Though these chords are the easiest to play in the lesson, they don’t have a root note.

Because of this, you’ll have to learn how to play these chords on the correct fret without the aid of a root note to guide you.

To help you get over this roadblock, there are tips and exercises presented below.

But, if you get stuck with those shapes, learn the examples as written, go slow, work the suggested exercises, and over time you’ll be able to find any rootless chord quickly and easily.

Now that you know why these are easy jazz chords, and the biggest obstacle you’ll face with these shapes, you can explore effective and efficient ways to practice these shapes on the guitar.

How to Practice Easy Jazz chords

 

When learning how to play easy jazz chords, especially for beginner jazz guitarists, it can often seem like memorizing the shapes is enough.

But, memorizing jazz chord shapes is just the beginning.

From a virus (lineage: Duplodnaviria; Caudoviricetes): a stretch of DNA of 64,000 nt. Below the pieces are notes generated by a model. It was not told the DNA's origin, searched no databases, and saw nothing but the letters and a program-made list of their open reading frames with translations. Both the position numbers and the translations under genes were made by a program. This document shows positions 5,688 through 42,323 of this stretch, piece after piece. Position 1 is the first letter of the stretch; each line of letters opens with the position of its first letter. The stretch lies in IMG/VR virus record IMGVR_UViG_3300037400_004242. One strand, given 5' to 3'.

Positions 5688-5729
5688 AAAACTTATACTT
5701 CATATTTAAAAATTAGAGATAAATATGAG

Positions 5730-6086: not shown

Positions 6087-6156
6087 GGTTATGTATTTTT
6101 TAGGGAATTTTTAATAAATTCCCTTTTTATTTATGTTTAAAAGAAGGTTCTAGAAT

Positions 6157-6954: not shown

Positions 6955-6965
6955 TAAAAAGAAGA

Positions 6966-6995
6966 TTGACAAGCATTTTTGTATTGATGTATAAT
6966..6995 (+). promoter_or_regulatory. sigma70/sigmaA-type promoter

If you can play a shape from memory you’ve got it in your fingers, but there’s a difference between reciting shapes and applying them to chord progressions in real time.

To get you move beyond memorization, here are a number of exercises that you can use to make the most of your time studying easy jazz chords in the woodshed.

 

  • Learn the examples as written
  • Practice each example in other keys
  • Play the examples with a whole-note rhythm
  • Experiment with other rhythms over the backing tracks
  • Apply these chords to other progressions you’re studying
  • Practice playing these shapes over jazz standards
  • Learn the chord studies below as written
  • Change the rhythms for the chord studies over the backing tracks

 

As you can see, there’s a lot of work in that list of exercises.

Don’t feel that you have to work on every exercise in that list.

Instead, use the list as a reference and pick a few exercises to work on to get started.

From there, you can move on to other chord shapes and sections of the lesson and try other exercises with those new chords.

There’ll be other, chord specific, exercises below.

But, for now, use this list as a reference chart when working these, or any, jazz guitar chord shapes in your practice routine.

So, enough talking, time to take these shapes to the fretboard.

 

 

 

 

Shell Voicings

 

The first set of each jazz chords that you’ll learn on guitar, are shell voicings.

Shell voicings are three-note chords that contain the root, third and seventh of the underlying chord change.